There are three types and states of equilibrium in physics.
- Stable equilibrium
- Unstable equilibrium
- Neutral equilibrium
“A body is said to be in stable equilibrium if after a slight tilt it returns to its previous position.”
Consider a book lying on the table. Tilt the book slightly about its one edge by lifting it from the opposite side. It returns to its previous position when set free. Such a state of the body is called a stable equilibrium.
When a body is in stable equilibrium, its center of gravity is at the lowest position. When it is tilted, its center of gravity rises. It returns to its stable equilibrium as long as the center of gravity acts through the base of the body.
See Also: Difference between center of mass and centre of gravity
5 examples of stable equilibrium
- chair lying on the floor
- the heavy base of the vehicle
- table lying on the ground
- Cone lying on its base by lowering its center of gravity
- Bottle lying on its base
Why the base of the vehicle is kept low, wide, and heavy?
A vehicle is made heavy at its bottom to keep its center of gravity as low as possible. A lower center of gravity keeps it stable. Moreover, the base of a vehicle is made wide so that the vertical line passing through its center of gravity should not get out of its base during a turn.
“If a body does not return to its previous position when sets free after the slightest tilt is said to be in unstable equilibrium.”
Take a pencil and try to keep it in the vertical position on its tip. Whenever you leave it, the pencil topples over its tip and falls down. This is called an unstable equilibrium. In an unstable equilibrium, a body may be made to stay only for a moment. Thus a body is in an unstable equilibrium.
The center of gravity of the body is at its highest position in a state of unstable equilibrium. As the body topples over its base (tip), its center of gravity moves towards its lower position and does not return to its previous position.
“If a body remains in its new position when disturbed from its previous position, it is said to be in a state of neutral equilibrium.”
Take a ball and place it on a horizontal surface. Roll the ball over the surface and leave it after displacing from its previous position. It remains in its new position and does not return to its previous position. This is called a neutral equilibrium.
In neutral equilibrium, all the new states in which a body is moved, are the stable states, and the body remains in its new state. In neutral equilibrium, height, irrespective of its new position.
5 examples of neutral equilibrium
- Ball moving on the ground
- Motion of sphere
- A roller
- A pencil lying horizontally
- An egg lying horizontally on a flat surface
See related topics on our page: Mechanics
Examples of equilibrium
In applying the conditions for equilibrium (zero resultant force and zero resultant torque about any point), we can clarify and simplify the procedure as follows:
First, we draw an imaginary boundary around the system under consideration. This helps us to see clearly just what body or system of bodies to which we are applying the laws of equilibrium. This process is called isolating the system.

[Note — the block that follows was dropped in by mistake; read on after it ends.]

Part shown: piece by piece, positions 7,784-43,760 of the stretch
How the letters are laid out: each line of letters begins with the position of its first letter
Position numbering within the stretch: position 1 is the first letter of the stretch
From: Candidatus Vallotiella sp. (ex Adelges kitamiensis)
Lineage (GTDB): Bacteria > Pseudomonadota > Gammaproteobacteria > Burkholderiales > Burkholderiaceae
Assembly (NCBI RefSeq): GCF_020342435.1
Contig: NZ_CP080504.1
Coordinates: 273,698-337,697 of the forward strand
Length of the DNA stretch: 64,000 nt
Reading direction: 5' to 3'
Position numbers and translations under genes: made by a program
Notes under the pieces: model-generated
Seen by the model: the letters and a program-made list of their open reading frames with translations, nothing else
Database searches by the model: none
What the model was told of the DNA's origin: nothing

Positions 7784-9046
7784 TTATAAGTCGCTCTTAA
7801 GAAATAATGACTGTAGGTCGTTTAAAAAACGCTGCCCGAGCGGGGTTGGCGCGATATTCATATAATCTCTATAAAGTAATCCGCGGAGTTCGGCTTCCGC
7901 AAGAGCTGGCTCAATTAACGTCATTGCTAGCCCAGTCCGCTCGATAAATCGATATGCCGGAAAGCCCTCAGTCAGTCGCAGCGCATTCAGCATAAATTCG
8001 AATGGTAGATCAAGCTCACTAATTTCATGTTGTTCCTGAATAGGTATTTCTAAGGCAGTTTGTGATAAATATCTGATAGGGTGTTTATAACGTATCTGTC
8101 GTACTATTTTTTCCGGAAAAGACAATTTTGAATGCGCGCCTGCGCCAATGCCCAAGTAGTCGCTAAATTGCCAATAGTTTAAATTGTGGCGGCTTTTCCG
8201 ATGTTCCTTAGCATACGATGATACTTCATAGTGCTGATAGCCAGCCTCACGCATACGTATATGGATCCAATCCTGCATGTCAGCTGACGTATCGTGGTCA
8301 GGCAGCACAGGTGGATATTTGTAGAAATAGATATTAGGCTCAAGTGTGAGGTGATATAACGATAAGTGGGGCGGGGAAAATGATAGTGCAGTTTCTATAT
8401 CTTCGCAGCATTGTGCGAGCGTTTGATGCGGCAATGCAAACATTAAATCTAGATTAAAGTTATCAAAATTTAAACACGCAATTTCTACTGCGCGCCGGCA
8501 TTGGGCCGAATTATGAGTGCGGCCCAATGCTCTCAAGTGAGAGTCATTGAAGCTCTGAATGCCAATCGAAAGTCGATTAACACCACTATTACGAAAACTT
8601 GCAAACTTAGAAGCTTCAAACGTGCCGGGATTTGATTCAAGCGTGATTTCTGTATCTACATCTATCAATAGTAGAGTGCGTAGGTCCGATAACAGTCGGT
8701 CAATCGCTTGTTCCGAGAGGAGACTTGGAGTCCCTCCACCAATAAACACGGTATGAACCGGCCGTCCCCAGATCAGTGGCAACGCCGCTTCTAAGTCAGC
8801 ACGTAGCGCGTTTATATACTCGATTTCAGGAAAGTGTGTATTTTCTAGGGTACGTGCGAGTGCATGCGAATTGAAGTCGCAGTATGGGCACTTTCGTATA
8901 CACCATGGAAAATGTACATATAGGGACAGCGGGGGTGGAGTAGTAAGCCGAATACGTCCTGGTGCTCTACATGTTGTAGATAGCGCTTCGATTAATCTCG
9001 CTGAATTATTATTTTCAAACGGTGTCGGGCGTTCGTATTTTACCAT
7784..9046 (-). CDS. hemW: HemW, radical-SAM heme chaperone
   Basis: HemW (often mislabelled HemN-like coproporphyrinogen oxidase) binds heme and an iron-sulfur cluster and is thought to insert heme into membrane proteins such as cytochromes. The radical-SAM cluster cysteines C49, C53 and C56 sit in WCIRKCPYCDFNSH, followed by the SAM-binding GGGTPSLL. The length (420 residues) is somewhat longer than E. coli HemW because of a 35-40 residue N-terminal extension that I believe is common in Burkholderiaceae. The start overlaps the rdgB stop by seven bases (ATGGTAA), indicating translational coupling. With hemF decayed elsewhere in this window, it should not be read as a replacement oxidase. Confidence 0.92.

Second, we draw vectors representing the magnitude, direction, and point of application of all external forces. An external force is one that acts from outside the boundary that was drawn earlier. Examples of external forces often encountered are gravitational forces and forces exerted by strings, wires, rods, and beams that cross the boundary. Note that only external forces acting on the system need to be considered; all internal forces cancel one another in pairs.
There are some cases in which the direction of a force may not be obvious. To determine the direction of a certain force, make an imaginary cut through the member exerting the force at the point where it crosses the boundary. If the ends of this cut tend to pull apart, the force acts outward. If you are in doubt, choose the direction arbitrarily. A negative value for a force in the solution means that the forces act in the direction opposite to that assumption.
Third, we choose a convenient coordinate system along whose axes we resolve the external forces before applying the first condition of equilibrium. The goal here is to simplify the calculations. The preferable coordinate system is usually one that minimizes the number of forces that must be resolved into components.
Fourth, we choose a convenient coordinate system along whose axes we resolve the external torques before applying the second condition of equilibrium. The goal again is to simplify calculations, and we may use different coordinate systems in applying the two conditions for static equilibrium if this proves to be convenient. For example, calculating torques about a point through which several forces act eliminates those forces from the torque equation.
The torque components resulting from all external forces must be zero about any axis for equilibrium. Internal torques will cancel in pairs and need not be considered.